In his ruling, a federal judge finds fault with the actions of the sheriff's detectives and the trial judge in the case.
March 20, 2003
MIAMI -- A federal judge threw out a murder conviction against a retarded man in the killing of a deputy 12 years ago and issued an order Wednesday telling the state to retry him or free him within 90 days.
U.S. District Judge Donald Graham found several faults with the way Broward County sheriff's detectives got Timothy Brown to waive his right to remain silent as they questioned him in the shooting death of one of their own.
The ruling eliminated a confession the judge called "the only meaningful evidence" against Brown, who was 15 at the time of the killing, and had a mental age of 7 or 8.
Brown, now 27, is serving a life sentence.
Graham had been considering the dispute since December, after hearing weeks of evidence about the original investigation and a second one that began after a new suspect surfaced two years ago.
"I'm very ecstatic. I am happy. I am over-overjoyed," said Othalean Brown, who claimed her son was railroaded along with another retarded youth. "He should never have been in prison from day one. My son should have been home all this time with me enjoying life with the rest of us."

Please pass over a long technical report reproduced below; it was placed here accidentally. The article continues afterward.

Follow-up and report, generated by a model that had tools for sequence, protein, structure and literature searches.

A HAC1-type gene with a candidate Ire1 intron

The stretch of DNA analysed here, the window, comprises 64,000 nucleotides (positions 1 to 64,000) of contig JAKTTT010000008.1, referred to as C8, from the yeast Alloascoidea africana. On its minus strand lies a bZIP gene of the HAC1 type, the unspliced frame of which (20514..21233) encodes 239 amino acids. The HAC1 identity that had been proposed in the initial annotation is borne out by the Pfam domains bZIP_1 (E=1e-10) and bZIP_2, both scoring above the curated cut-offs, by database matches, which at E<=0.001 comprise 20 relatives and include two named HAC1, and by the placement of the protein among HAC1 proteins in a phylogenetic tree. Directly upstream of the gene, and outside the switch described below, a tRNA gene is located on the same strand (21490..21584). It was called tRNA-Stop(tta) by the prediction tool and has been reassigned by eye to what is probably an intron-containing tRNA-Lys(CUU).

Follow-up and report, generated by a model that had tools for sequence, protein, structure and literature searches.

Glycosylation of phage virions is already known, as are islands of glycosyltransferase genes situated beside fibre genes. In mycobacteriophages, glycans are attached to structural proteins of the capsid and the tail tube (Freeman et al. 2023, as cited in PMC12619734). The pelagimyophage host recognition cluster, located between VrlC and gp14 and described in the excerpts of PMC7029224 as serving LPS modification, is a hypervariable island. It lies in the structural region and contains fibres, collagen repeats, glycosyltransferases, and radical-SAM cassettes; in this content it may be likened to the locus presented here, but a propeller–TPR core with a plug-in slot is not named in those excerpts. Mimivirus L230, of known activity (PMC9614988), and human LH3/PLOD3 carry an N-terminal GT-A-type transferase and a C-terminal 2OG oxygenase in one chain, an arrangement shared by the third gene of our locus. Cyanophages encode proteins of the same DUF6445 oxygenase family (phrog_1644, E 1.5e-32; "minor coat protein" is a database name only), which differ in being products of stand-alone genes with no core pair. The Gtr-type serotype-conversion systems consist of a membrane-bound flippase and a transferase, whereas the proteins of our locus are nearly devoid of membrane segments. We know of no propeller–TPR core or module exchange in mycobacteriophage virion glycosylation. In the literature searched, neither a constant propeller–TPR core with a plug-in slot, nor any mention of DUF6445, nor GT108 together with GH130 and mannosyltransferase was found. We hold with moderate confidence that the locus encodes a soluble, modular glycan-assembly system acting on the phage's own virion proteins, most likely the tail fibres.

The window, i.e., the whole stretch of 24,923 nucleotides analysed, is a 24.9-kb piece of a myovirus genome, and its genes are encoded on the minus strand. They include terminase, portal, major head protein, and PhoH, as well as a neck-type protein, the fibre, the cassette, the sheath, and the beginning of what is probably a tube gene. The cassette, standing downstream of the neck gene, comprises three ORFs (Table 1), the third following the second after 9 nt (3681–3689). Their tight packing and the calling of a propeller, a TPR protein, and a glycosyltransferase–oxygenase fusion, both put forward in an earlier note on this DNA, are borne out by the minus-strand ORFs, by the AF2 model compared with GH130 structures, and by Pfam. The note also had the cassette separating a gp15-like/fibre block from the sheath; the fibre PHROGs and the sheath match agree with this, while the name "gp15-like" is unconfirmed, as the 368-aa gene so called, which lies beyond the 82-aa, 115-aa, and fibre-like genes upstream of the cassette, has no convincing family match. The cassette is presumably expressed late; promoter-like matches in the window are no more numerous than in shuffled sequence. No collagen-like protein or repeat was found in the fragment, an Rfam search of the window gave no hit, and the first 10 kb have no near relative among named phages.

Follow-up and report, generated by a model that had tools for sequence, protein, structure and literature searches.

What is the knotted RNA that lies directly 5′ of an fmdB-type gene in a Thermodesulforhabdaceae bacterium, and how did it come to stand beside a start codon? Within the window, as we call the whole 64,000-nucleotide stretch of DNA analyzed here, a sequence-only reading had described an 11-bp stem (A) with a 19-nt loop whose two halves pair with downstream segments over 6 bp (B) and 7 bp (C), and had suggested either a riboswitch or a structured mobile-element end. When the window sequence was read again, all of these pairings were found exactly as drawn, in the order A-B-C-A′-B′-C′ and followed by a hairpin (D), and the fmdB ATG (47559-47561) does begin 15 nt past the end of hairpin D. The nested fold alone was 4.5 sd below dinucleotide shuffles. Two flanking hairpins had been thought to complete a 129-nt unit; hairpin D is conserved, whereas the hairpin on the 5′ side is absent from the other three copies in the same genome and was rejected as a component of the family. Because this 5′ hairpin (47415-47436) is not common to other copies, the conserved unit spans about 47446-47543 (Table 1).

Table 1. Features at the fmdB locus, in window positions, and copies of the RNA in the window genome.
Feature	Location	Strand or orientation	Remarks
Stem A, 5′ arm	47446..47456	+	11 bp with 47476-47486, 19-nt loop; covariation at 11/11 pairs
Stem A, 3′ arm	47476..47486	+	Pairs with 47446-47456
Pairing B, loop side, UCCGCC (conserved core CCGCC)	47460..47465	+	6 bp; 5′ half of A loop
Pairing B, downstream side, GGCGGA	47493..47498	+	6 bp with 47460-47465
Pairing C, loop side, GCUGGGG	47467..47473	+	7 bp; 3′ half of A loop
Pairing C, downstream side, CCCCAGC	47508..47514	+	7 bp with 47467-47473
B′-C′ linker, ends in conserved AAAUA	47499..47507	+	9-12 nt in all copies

Tim Day, Brown's federal public defender, said, "We praise God for this result." He told WSVN-TV that "our prayers and our thoughts are also with the Behan family," referring to the family of the slain deputy. "We pray that justice will come to them as it has come to Tim Brown."
Florida Assistant Attorney General Celia Terenzio said she would consult with Broward prosecutors, and Attorney General Charlie Crist would decide whether to appeal within a 30-day deadline set by federal law.
There was no immediate comment from prosecutors or the Sheriff's Office.
Only their conflicting confessions, given after they were arrested nine months after the shooting, linked Brown and co-defendant Keith King to the late-night shooting of Patrick Behan in his patrol car outside a Pembroke Park convenience store. King served nine years on a guilty plea to manslaughter.
In a 91-page order, Graham said Brown's trial judge violated his constitutional rights by allowing jurors to hear the confession. "His conviction and current custody are unconstitutional," the judge concluded. The judge earlier took what he called "the rare and extraordinary" step of agreeing with Brown's "actual innocence" claim based on taped confessions to undercover agents by the new suspect.
The Sheriff's Office decided last year it didn't have enough evidence to prosecute the new suspect, a fired jail guard who held a grudge against a deputy whom Behan was filling in for the night he was killed.
From the state wire
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